Software monitors the tunnel technology
In the event of a fault, the system responds automatically.

Quicker response with early warning systems

Siemens developed and successfully tested its early warning systems based on the latest innovations in detection technologies, as a part of the framework of a collaborative project (SKRIBT) funded by the german Federal Ministry of Education and Research. Combining video feeds with thermal imaging: This means that all events are identified as soon as possible, even before the train enters the tunnel. The system does not miss anything – including the monitoring train components susceptible to fire, like wheels, brakes, axles and the engine, obstacles on the tracks, smoke or even lost cargo. A special image processing program for surveillance cameras transforms the video feed of a passing train into a segmented two-dimensional picture. Subsequently, using newly developed algorithms, a 3D model is created from the picture. In the tunnel, smart zones and virtual barriers are in place that help to trigger an alarm automatically if any faults are detected. The ventilation system then automatically switches to the predefined safety mode. An important aspect of this system are the internationally standardized open interfaces, enabling simplified data exchange with subsystems from third party manufacturers.

Specially designed cages protect the fire protection system
The monitoring system is well protected.

Fire protection in the tunnel

The longest railway tunnel in the world has two 600 meter multi-function monitoring stations. Because smoke is a particular hazard in the tunnel, the system is equipped with numerous sensors, monitoring devices and regulators connected to the two control centers via fiber optic cables. Should a fire break out, despite the safety measures in place, the cutting edge video and smoke detection system locates the fire as quickly as possible. It also provides valuable information about smoke characteristics and detects any other changes in the tunnel. The video surveillance system detects smoke within 10 to 20 seconds. The Siemens FibroLaser heat detection system supports the smoke detectors and video cameras, which may be enveloped by smoke in the event of fire, by precisely indicating the location, propagation direction and size of the fire.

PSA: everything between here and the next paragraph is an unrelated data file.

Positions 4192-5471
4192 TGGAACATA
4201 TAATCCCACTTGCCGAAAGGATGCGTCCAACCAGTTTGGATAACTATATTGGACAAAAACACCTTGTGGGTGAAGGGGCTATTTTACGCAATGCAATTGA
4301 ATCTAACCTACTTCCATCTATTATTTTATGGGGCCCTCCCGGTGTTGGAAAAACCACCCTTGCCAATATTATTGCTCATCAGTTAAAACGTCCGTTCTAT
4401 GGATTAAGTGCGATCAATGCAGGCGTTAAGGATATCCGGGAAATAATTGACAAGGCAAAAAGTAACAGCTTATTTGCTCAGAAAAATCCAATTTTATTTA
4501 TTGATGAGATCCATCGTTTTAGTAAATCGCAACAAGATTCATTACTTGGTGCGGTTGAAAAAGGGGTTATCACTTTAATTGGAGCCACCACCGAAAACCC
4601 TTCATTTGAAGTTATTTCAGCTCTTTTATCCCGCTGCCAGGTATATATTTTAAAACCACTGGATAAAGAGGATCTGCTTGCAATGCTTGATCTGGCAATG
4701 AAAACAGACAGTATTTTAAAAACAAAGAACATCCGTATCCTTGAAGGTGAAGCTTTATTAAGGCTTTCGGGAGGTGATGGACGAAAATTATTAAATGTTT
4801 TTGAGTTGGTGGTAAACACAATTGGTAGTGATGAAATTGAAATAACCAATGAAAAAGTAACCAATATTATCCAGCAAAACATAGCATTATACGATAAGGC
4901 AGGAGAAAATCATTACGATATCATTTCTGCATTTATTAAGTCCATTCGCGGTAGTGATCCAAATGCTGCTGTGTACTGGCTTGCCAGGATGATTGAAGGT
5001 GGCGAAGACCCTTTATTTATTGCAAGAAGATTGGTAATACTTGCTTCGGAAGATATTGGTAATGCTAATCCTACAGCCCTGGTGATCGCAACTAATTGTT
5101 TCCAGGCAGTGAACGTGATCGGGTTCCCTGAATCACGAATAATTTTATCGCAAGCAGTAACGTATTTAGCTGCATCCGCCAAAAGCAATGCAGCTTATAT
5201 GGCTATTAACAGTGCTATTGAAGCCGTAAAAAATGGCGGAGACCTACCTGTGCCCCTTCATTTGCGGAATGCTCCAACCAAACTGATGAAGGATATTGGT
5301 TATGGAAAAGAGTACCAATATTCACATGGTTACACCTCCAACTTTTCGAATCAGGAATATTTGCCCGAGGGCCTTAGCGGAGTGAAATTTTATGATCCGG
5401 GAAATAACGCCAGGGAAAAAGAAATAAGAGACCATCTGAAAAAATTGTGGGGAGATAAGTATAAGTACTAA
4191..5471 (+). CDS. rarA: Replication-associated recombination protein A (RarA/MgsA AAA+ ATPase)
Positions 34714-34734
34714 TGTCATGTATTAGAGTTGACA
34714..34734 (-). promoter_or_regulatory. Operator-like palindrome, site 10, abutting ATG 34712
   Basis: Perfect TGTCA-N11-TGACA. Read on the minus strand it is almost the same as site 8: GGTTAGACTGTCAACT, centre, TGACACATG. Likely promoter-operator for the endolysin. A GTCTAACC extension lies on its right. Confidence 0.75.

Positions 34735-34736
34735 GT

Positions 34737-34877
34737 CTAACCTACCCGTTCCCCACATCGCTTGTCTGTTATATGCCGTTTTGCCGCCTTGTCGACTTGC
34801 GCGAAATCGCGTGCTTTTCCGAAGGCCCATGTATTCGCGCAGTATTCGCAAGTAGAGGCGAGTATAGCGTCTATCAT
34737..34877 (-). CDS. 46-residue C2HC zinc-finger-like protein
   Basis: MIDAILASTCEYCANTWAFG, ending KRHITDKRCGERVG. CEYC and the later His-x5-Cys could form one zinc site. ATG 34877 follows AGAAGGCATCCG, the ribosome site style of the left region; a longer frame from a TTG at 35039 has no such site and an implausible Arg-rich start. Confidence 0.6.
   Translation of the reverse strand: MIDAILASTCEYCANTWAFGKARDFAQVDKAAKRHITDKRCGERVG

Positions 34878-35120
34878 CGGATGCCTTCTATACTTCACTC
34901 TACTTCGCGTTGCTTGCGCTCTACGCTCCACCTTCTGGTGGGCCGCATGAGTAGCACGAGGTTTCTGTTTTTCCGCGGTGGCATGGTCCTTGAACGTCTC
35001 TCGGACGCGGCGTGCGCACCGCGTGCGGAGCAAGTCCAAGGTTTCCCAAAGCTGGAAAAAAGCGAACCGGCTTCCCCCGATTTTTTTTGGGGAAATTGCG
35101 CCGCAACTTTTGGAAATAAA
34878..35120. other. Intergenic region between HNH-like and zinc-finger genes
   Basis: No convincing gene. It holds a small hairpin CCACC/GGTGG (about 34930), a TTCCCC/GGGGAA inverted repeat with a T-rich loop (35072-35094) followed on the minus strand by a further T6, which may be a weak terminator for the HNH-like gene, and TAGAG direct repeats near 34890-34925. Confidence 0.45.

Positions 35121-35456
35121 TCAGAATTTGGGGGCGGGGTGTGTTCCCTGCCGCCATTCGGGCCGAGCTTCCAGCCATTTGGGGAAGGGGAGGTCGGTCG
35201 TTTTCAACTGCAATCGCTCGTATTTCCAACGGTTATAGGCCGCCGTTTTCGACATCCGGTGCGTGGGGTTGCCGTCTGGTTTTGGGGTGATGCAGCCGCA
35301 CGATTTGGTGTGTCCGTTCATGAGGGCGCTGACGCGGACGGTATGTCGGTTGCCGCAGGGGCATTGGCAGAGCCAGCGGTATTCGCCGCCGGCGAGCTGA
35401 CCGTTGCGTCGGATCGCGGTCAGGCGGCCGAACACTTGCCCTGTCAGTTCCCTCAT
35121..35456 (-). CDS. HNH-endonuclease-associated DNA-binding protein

The FibroLaser system monitors potential hazards
Cables monitor potential hazards.

Maximum protection with FibroLaser

The FibroLaser system, with over 2,000 kilometers of installed cables and over 1,200 monitors, is the most successful linear early warning system in operation on the market. The 100 % maintenance-free sensor technology, completely immune to dirt, dust, moisture, corrosive atmospheres, electromagnetic fields and radioactive radiation, offers the highest possible standard of protection. Fire detection in the tunnel is carried out with three monitoring systems and is in direct control of the ventilation flaps in the event of an imminent evacuation. Data is assessed and recorded by the control system in a matter of milliseconds; wherein the event history is also tracked so that triggering parameters can be optimized. Sensor leads monitor the wall and floor of the tunnel for any warning signs. A reinforced housing protects them against water and mechanical stress. In addition, thermal imaging cameras and smoke detectors constantly check the temperature and the air for smoke particles. To protect them against the harsh tunnel conditions, they are housed in cages - specially designed for the Gotthard Base Tunnel.